A final cost of deep discounting | VailDaily.com

A final cost of deep discounting

Alan Braunholtz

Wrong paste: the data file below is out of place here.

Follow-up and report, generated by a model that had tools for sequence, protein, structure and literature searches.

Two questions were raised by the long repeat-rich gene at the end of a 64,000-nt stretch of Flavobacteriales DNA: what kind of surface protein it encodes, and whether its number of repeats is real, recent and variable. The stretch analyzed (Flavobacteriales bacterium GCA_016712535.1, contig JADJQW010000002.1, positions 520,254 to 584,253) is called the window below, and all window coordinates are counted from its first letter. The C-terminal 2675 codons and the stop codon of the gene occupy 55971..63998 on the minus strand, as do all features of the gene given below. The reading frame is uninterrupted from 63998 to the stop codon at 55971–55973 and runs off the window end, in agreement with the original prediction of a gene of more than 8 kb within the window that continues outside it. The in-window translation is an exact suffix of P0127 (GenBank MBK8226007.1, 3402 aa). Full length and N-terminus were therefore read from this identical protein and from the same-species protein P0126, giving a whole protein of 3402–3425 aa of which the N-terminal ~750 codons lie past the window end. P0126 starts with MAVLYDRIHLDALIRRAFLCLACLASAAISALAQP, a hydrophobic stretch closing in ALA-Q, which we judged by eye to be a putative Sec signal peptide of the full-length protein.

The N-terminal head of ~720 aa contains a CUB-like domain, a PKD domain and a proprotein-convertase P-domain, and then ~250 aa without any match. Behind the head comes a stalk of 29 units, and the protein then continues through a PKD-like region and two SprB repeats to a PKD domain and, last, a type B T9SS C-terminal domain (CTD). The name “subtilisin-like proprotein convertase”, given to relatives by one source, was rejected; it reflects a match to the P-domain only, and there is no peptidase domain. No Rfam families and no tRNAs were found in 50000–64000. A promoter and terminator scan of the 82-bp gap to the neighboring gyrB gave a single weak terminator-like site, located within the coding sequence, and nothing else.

Many years ago, my dogs provided an example of why I try to avoid shopping at Wal-Mart. Tempted by the low price of a large bag of Ol-Roy dog food, I succumbed to savings’ siren call. They started pooping an awful lot, looked hungry all the time and lost weight. I wondered if the apparently low ratio of nutrition to filler actually allowed them to physically eat enough to survive. I increased the size of my doggy poop bags and developed a new appreciation for quality-quantity issues. A switch back to designer brands and the dogs spent significantly less time eating and pooping, instead pursuing the other essentials of dog life: playing and sleep testing all available pieces of furniture.Low prices do allow us to consume more for less money. Wal-Mart’s low prices save us not only on money spent in their store but in their competitors’ stores, too, as they struggle to match the price. American consumers probably save $100 billion per year, thanks to this. Not bad, especially if we saved it in our retirement funds or less time at work and more time with the kids. If instead we spend it on more stuff we didn’t know we needed to pile in the garage and then the landfill – it’s a little like buying cheap dog food.Low prices come through ruthless and efficient cost cutting, which we can benefit from and pay for. A report by the Education and Workplace Committee of Congress estimated that a hypothetical 200-employee Wal-Mart costs the taxpayers about $420,000 in labor subsidies. Two examples are $125,000 on federal tax credits and deductions for low-income families, and $108,000 in children’s health insurance costs.As I prefer to buy from businesses that share similar social and environmental ethics [recycling, low pollution, living wage] these subsidies are frustrating.Much of the low cost is achieved through China’s large pool of proud and skilled workers and their downward pressure on other countries’ wages. Wal-Mart accounts for 1 percent of China’s GDP. China’s economy and work force are past a critical mass, and they exert a large force in the global economy. More and more businesses have factories in China, not for outsourcing but to sell to the growing wealth of the Chinese consumers. These businesses train local suppliers and very quickly Chinese businesses learn to use the same suppliers and start to compete. Soon enough they are also competing in the U.S., and manufacturers that stay here respond with greater automation and efficiency, which equals fewer workers. It’s good for economic growth (low inflation, increased productivity, etc.), but this may no longer be automatically linked to job creation and a higher standard of living. As a society, it may be fair to ask what’s the point of an endless rise in GDP then?To put China’s economy in perspective, it’s eight times smaller than the US’s and we have the luxury of “a bird in the hand.” There are questions about China’s use of resources, capital and her environment as she is very wasteful with all these when compared to other economically developing countries like India. Economic growth means little if you can’t breathe, and environmental con straints will force changes. Sixteen of the world’s top 20 polluted cities are in China, and by their own weak standards less than one-half of their cities have acceptable air. Half the population drinks contaminated water, and that nation’s seas are being destroyed by industrial waste.China could become an illustration of intractable limits and how industry is a subsidiary of the environment. In future years we’ll realize that a big part of our wealth is that we have this huge economy and due to some luck and incredible people, we haven’t destroyed our air, rivers, woods and wilderness at the altar of economic growth – yet. People are a country’s greatest resource, and people need an environment they can live in.Alan Braunholtz of Vail writes a weekly column for the Daily.

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